Military personnel stand guard at the entrance of a gymnasium while police investigators look for evidence after a bomb attack at Mindanao State University in Marawi, Lanao del sur province on December 3, 2023. (Photo: AFP)
The humanitarian arm of the Philippines Church has called for security at Christian gatherings in the wake of a deadly bombing at a Mass in the Catholic-majority nation.
“Concerted efforts must be made to prevent the recurrence of such violent incidents and to safeguard the fundamental right to worship without fear," Bishop Jose Colin Bagaforo, president of Caritas Philippines, said, reacting to the death of four students at a Mass at Mindanao State University in Marawi, the country's largest Muslim city, in the restive southern Philippines, on Dec. 3.
I am appalled “by the blatant act of terror that the perpetrators were able to commit,” the prelate said of the blast that also wounded 50 others and was caused by an improvised explosive device.
The president of the pontifical charity in the archipelago urged all stakeholders, including the government and religious leaders, “to collaborate” to foster peace.
In a statement, Caritas Philippines expressed condolences to the victims and their families.
President Ferdinand Marcos Jr. issued a stern warning to the perpetrators.
"Rest assured, we will bring the perpetrators of this ruthless act to justice.”
Mindanao, the second largest island in the Philippines, is home to many Islamist insurgent groups.
The Philippine military wrested back Marawi, the capital of Lanao del Sur, in the southern Philippines after months of fighting Islamic-State fighters who seized it in May 2017.
During the Marawi siege, Mindanao State University became a center point of the government forces.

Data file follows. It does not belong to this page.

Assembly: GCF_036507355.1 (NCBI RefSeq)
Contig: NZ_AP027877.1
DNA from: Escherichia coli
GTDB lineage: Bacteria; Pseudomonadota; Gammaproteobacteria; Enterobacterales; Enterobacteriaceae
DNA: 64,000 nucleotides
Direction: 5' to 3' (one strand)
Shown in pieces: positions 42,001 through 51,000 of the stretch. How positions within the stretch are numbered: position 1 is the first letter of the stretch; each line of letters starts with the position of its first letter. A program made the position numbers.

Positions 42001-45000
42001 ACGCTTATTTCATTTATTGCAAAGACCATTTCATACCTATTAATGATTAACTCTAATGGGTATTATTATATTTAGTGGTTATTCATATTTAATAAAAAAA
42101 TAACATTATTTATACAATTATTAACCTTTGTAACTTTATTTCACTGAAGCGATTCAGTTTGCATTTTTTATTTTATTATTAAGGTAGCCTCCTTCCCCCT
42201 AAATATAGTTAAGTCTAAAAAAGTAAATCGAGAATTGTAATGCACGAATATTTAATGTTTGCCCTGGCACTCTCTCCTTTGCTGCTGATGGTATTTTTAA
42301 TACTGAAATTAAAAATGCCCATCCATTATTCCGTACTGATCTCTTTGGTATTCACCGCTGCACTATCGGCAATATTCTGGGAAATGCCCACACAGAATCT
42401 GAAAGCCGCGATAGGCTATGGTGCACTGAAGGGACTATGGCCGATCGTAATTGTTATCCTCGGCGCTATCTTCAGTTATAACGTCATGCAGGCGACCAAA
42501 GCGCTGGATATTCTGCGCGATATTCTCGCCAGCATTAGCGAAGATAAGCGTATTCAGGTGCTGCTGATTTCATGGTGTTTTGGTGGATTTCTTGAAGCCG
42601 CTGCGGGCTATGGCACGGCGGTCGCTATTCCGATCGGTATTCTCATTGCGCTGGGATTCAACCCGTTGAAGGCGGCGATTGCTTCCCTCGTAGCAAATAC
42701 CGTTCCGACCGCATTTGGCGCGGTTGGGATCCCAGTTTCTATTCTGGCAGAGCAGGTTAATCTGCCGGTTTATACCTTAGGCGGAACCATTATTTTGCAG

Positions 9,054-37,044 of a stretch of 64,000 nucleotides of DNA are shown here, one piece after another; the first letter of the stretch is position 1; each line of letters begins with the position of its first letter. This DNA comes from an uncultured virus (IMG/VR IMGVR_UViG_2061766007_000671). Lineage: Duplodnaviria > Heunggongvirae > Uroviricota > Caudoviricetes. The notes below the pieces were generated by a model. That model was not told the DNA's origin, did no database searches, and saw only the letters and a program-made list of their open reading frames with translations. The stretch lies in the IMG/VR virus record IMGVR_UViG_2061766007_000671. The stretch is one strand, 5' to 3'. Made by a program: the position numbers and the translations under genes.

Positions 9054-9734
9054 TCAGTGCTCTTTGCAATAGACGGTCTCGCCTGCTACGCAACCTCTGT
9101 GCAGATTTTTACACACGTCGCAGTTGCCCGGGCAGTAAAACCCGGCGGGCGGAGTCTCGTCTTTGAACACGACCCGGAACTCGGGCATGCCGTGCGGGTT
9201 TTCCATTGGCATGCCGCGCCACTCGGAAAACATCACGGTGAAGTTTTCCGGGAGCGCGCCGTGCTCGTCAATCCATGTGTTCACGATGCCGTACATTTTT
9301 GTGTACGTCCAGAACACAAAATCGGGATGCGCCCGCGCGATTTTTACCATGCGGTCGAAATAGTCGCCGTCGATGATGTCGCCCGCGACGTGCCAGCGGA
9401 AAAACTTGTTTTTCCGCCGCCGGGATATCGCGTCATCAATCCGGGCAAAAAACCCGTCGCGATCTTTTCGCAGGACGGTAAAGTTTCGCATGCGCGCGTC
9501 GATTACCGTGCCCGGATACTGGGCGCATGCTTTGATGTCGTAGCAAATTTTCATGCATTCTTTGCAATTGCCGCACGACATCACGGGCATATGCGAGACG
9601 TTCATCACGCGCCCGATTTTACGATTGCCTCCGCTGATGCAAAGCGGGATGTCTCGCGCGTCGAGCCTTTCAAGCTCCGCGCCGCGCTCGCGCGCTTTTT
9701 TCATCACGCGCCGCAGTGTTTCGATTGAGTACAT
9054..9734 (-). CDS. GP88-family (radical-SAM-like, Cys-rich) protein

On Dec. 3, the university suspended classes and all academic activities "until further notice” and deployed additional security personnel.
"We stand in solidarity with our Christian community and all those affected by this tragedy," the university said in a statement.
The government believes the bombing might have been a revenge attack following a “decisive military operation” by the army that killed 11 members of the Islamic State-linked Bangsamoro Islamic Freedom Fighters in the remote village of Datu Hoffer Ampatuan town on Dec. 1.
What happened this Sunday morning could be a “retaliatory attack," said chief of the army General Romeo Brawner Jr. at a press conference on Dec. 3.
On Dec. 4, Brigadier General Allan Nobleza, Bangsamoro police chief, said the probe was progressing well.
“In order not to preempt the investigation, we will not divulge names,” said Nobleza on a morning TV program.
In 2014, the government inked a peace pact with the largest rebel group, Moro Islamic Liberation Front, However, militant attacks on buses, Catholic churches and public markets continued by smaller bands of Muslim fighters opposed to the peace deal.